What became of the fighters of the Central Highlands, those indigenous groups famed for their martial spirit and enduring loyalty? Did they just melt away into the jungle?
Although the South Vietnamese government had nominally recognized the rights of the ethnic minority groups like the Nung, Degar, Cham, and Rhade peoples who lived in the Central Highlands region, the tension that existed between these groups and the ethnic Vietnamese was never satiated by any brokered treaties or rights on paper. Beginning in the 1950’s, several ethnic groups began to organize themselves into a coherent political and military opposition party.
This new umbrella organization, FULRO, began to conduct operations against both Vietnamese sides, though they tended to attack the South more often than not—the communist Vietnamese at least presented a façade of reconciliation and minority rights, whereas the South Vietnamese had a history of repressing minorities. The lack of organized and well-developed intersocial, civic networks in the Central Highlands created the social-environmental conditions ripe for ethnic conflict. With very little in way of public infrastructure, the minority groups in the Central Highlands remained technologically and economically behind the rest of South Vietnam, especially along the coasts, which was dominated by the ethnic Vietnamese.
By 1967, Y Bham Enuol had emerged as the de-facto leader of FULRO, representing the organization in a petition to the South Vietnamese government and by the end of 1968, the negotiations had resulted in an agreement for the South Vietnamese regime to recognize the specific rights of the minority groups, as well as to allow Enuol (who had vehemently opposed the regime) to remain in Vietnam. In 1969, FULRO, represented by Enuol, signed a final treaty with the South Vietnamese government, ending its armed resistance against the South Vietnamese.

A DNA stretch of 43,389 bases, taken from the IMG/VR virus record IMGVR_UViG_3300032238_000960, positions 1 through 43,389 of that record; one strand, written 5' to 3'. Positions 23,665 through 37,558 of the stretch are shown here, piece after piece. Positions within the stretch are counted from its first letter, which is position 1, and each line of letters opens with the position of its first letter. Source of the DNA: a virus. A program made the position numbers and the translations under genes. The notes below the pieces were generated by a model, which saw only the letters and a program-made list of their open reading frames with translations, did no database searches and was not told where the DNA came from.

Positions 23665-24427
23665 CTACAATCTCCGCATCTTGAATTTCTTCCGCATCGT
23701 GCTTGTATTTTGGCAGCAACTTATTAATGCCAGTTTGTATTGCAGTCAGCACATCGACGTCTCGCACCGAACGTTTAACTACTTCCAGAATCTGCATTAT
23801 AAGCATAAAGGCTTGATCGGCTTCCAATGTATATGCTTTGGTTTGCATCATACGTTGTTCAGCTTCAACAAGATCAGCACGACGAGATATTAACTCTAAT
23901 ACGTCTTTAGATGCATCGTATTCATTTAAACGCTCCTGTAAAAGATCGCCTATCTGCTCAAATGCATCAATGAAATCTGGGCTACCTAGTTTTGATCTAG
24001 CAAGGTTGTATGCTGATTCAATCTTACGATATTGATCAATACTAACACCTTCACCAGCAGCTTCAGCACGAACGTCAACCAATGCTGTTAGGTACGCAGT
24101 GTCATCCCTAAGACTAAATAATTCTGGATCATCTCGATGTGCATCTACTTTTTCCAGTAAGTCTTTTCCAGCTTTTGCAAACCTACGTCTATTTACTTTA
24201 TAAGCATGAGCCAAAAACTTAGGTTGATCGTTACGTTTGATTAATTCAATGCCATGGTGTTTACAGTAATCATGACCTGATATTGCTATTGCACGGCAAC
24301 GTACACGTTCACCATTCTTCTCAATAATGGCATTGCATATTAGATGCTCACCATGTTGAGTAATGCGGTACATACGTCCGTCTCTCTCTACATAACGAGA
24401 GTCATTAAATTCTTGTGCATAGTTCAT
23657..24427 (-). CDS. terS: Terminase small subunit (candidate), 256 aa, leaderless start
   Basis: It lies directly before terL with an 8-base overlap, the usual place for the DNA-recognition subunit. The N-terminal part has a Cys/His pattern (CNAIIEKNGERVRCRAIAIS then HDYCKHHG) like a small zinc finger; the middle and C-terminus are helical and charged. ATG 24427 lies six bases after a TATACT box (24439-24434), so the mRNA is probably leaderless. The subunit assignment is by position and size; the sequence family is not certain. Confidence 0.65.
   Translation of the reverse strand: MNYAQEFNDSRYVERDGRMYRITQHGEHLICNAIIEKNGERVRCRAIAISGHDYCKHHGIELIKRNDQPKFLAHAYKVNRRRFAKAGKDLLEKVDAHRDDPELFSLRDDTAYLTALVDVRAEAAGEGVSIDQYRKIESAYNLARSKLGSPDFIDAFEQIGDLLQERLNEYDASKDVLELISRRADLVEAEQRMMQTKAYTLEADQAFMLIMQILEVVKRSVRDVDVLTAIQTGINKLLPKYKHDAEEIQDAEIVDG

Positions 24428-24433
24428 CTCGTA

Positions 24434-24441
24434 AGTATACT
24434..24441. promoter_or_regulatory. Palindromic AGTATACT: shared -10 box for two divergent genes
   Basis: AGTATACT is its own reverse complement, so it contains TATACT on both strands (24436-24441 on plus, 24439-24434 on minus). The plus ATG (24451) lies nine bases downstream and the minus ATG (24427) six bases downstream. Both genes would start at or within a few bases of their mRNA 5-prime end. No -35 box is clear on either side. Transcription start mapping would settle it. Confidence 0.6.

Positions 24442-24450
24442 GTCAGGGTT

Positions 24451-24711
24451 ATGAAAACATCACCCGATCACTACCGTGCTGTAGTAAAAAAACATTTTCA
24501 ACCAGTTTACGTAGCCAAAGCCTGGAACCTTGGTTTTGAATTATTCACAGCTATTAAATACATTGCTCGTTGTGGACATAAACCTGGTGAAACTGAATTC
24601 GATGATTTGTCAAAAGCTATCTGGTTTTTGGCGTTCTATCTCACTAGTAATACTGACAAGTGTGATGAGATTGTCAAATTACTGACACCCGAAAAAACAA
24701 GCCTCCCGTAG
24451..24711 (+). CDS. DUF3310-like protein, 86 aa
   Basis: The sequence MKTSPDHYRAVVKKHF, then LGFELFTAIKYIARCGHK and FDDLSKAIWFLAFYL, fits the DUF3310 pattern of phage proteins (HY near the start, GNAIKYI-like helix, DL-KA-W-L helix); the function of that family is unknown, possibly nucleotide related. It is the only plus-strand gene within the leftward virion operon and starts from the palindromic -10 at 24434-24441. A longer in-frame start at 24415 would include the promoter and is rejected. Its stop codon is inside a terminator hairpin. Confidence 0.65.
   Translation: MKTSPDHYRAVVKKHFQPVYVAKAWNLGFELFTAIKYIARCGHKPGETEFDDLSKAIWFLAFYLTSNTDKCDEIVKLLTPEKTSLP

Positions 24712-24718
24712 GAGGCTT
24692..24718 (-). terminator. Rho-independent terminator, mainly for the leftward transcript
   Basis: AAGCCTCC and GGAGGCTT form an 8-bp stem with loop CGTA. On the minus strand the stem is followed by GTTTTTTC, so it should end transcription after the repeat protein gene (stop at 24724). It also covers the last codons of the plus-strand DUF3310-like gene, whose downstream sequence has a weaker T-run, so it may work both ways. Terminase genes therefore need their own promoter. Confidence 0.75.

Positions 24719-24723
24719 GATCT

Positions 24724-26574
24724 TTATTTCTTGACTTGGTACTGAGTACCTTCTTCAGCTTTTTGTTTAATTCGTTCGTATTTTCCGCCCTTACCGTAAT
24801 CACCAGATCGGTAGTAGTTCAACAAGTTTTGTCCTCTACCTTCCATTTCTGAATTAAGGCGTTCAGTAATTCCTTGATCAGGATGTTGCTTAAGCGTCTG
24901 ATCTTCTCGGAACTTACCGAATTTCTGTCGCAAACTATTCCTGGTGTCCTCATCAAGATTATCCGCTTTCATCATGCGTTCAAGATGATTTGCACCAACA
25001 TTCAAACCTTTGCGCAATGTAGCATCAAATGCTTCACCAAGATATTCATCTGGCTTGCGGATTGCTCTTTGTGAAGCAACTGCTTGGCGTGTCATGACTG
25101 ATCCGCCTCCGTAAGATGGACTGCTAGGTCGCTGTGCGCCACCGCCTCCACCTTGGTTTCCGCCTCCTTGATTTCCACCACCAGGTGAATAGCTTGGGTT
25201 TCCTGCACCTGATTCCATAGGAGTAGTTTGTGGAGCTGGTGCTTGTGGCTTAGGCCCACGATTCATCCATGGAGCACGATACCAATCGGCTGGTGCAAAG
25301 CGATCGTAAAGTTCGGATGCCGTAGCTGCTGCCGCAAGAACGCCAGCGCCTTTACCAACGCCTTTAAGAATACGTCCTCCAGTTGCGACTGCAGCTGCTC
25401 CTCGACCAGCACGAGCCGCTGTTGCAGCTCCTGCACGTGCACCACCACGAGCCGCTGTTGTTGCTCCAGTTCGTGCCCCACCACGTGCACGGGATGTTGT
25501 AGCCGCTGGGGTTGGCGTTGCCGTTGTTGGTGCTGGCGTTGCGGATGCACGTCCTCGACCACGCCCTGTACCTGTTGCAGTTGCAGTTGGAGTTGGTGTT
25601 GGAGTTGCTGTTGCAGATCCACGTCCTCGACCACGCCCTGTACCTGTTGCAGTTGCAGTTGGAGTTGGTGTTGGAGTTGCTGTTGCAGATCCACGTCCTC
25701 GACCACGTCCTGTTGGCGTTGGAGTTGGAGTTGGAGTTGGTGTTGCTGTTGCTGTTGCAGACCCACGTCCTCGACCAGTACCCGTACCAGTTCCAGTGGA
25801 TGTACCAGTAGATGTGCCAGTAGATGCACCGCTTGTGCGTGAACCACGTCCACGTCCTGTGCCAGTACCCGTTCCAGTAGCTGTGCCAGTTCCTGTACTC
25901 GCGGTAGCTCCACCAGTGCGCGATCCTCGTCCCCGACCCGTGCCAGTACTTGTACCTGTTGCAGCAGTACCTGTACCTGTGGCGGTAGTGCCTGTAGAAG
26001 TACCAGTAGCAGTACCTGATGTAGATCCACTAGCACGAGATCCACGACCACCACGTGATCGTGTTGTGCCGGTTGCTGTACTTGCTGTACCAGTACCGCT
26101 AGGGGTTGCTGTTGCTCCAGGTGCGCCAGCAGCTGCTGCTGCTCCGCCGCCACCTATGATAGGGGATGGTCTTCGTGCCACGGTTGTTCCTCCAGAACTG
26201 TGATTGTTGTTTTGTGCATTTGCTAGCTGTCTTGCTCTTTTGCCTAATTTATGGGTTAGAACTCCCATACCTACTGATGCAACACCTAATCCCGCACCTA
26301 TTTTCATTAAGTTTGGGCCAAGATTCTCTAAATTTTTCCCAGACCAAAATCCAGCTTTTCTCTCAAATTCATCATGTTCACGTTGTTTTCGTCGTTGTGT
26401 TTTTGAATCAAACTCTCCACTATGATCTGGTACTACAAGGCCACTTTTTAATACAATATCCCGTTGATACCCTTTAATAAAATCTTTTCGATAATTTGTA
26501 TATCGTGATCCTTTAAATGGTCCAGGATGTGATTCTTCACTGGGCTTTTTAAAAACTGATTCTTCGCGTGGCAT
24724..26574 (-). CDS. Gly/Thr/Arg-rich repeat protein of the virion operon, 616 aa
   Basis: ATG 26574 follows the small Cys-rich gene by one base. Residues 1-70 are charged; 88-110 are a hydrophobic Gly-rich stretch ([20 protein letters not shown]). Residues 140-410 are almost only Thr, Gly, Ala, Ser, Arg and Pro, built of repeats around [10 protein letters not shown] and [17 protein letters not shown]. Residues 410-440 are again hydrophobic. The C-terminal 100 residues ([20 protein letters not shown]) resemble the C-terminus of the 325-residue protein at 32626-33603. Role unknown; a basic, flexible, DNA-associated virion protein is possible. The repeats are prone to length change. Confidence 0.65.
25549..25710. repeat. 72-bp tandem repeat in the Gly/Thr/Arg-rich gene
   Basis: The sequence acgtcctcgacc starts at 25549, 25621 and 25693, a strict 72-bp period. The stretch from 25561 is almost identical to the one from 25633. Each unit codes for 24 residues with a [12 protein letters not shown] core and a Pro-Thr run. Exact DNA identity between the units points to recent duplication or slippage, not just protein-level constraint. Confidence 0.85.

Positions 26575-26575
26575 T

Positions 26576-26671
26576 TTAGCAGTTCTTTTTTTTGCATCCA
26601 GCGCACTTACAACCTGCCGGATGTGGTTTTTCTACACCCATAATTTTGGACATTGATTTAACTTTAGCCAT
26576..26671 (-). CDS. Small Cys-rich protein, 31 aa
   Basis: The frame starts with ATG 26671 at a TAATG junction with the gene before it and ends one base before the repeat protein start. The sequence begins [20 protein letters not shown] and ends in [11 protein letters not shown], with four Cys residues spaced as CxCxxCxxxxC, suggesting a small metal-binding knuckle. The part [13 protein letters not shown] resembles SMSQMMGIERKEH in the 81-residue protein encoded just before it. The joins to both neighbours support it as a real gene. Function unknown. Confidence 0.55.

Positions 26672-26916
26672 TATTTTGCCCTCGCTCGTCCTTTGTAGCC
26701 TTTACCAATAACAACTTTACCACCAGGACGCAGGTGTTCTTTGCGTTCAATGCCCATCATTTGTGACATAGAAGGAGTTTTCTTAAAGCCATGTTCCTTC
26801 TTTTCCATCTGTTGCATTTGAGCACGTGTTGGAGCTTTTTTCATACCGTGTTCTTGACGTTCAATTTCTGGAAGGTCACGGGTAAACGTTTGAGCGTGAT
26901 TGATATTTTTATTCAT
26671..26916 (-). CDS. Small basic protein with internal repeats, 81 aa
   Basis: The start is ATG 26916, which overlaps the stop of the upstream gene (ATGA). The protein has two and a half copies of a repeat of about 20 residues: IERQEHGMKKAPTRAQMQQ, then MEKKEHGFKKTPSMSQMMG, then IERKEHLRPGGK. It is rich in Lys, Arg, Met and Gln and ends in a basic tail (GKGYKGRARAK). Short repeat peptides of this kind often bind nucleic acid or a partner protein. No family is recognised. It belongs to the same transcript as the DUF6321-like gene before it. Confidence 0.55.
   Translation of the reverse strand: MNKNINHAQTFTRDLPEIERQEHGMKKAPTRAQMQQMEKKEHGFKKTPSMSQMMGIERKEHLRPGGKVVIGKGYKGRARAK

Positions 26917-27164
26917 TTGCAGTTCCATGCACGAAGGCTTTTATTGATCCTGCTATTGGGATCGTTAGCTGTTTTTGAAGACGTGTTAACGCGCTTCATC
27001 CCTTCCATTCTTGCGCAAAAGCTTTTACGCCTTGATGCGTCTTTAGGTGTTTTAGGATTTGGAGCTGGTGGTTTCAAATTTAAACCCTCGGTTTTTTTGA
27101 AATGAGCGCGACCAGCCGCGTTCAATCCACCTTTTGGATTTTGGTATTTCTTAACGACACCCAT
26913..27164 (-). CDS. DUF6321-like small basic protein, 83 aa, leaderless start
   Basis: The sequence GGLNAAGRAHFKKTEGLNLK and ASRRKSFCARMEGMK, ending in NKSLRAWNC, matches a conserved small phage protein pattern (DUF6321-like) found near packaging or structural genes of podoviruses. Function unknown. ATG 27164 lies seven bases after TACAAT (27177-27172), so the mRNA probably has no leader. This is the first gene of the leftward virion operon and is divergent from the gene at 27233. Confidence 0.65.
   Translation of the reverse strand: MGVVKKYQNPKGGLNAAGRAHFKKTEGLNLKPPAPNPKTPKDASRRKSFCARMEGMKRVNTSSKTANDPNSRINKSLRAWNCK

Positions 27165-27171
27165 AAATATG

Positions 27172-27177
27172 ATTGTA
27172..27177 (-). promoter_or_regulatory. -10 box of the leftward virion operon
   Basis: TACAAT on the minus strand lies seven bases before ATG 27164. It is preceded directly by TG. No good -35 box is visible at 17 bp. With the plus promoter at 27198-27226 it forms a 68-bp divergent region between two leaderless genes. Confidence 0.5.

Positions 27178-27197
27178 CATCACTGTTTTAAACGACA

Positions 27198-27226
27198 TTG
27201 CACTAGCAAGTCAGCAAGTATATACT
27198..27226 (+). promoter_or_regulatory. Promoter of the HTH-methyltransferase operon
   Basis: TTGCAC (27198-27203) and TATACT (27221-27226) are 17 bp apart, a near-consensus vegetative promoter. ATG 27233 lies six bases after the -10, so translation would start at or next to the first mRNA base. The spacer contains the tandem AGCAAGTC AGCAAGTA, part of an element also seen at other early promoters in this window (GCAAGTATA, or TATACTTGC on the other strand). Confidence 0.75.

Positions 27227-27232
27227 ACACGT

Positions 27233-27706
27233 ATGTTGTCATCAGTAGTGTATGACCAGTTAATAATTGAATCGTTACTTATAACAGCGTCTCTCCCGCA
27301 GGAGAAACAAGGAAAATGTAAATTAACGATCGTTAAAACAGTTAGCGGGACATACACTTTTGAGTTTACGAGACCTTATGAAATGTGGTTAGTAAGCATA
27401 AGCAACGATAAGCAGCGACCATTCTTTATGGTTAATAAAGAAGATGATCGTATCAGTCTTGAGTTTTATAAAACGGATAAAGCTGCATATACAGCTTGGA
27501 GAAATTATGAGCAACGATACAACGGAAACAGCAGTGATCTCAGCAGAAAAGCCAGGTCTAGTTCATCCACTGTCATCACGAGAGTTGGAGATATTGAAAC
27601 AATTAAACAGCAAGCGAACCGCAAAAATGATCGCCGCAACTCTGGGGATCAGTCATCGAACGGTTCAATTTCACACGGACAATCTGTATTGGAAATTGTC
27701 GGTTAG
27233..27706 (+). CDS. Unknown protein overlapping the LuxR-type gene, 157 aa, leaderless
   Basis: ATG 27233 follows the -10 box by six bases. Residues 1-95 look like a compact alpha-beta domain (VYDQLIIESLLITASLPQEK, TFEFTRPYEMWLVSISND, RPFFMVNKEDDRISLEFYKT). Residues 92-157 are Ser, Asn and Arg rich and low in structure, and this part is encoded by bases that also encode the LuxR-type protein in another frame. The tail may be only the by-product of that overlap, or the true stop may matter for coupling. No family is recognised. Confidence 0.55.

During the war, American military advisors recruited the ethnic minorities in the Central Highlands into special forces units, designed to operate in the remote highlands where the ARVN were either incapable of policing or were faced with an openly hostile populace. In FULRO’s case, many who had taken up arms against the South Vietnamese government would come to serve the Americans in these special forces units, as unlike the South and even North Vietnamese, the Americans did not openly discriminate against them and often came with medical and humanitarian aid. However, a more radical wing of FULRO, led by Les Kosem, split off from the main branch which had made peace with the South Vietnamese and with the support of the Royal Cambodian Army, surrounded and captured Enuol and kept him in house arrest in Phnom Penh. This rebel branch of FULRO also dissolved, as their Cambodian backers were toppled with Lon Nol’s coup in Cambodia. However, significant elements of FULRO continued the rebellion in the remote jungles in the Central Highlands.